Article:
All of the attractions are based upon specific descriptions or stories from the books, as are the live shows.

Here, more than perhaps any other themed zone within a theme park, the retail outlets and restaurants are just as much of the experience as the rides themselves.

The sizes were kept to stay true to their descriptions in the book, even if they created operational problems, such as overcrowding on peak days.

The food offered is traditional English, whether it’s a shepherd’s pie or traditional fish and chips, with almost no reference to contemporary or Muggle-branded (non-witch) food.

Every worker is dressed according to the book, and no one breaks character, beginning with the conductor of the Hogwarts Express who welcomes you just past the entry gate, or the server who sells you Butterbeer. So not to break your immersion into the story, one of the more subtle techniques, that guests probably don’t consciously notice, is that there are no advertisements or items for sale of anything that wouldn’t be found in the magical world. So, you won’t see a Pepsi sign or be able to buy a SpongeBob doll or Universal Studios sweatshirt at any of the shops.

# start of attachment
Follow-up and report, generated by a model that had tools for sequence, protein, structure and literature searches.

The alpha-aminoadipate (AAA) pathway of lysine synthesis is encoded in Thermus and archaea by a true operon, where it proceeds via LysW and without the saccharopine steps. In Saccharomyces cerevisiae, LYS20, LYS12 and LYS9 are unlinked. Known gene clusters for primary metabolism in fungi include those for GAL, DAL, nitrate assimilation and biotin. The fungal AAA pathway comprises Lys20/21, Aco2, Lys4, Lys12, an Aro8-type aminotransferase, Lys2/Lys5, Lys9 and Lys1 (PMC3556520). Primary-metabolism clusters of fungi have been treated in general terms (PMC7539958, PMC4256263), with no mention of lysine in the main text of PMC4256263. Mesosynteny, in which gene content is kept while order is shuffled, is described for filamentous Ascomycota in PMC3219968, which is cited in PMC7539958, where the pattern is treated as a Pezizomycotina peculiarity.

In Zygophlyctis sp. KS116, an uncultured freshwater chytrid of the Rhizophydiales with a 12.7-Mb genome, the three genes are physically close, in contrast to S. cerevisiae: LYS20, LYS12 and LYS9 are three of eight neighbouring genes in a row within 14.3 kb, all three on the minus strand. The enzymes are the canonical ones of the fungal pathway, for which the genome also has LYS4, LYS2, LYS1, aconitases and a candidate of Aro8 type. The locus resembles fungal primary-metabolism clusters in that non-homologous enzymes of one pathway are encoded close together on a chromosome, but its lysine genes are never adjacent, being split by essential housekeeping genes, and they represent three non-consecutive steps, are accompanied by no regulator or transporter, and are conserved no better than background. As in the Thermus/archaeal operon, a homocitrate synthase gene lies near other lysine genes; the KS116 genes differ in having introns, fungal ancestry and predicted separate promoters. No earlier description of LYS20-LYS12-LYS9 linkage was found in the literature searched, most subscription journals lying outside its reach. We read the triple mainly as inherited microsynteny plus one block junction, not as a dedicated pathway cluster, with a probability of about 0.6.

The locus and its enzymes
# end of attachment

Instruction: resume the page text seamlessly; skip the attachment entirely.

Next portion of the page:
Maniacal focus on the guest experience, creating layers of memorable touchpoints with the brand, basing every part of your experience on a consistent storyline, connecting to a variety of audiences on an emotional level - that is experiential design.

Now obviously Disney and Universal are masters of experiential design, and they have resources and budgets to provide the types of world-class experiences that have come to define their various parks.

But experiential design isn’t just about multi-billion dollar theme parks and fantasy. Great experiential design is also about the little things, and you can find it all around on day-to-day basis. We’ll talk about “everyday experiential design” next week. Thanks for reading.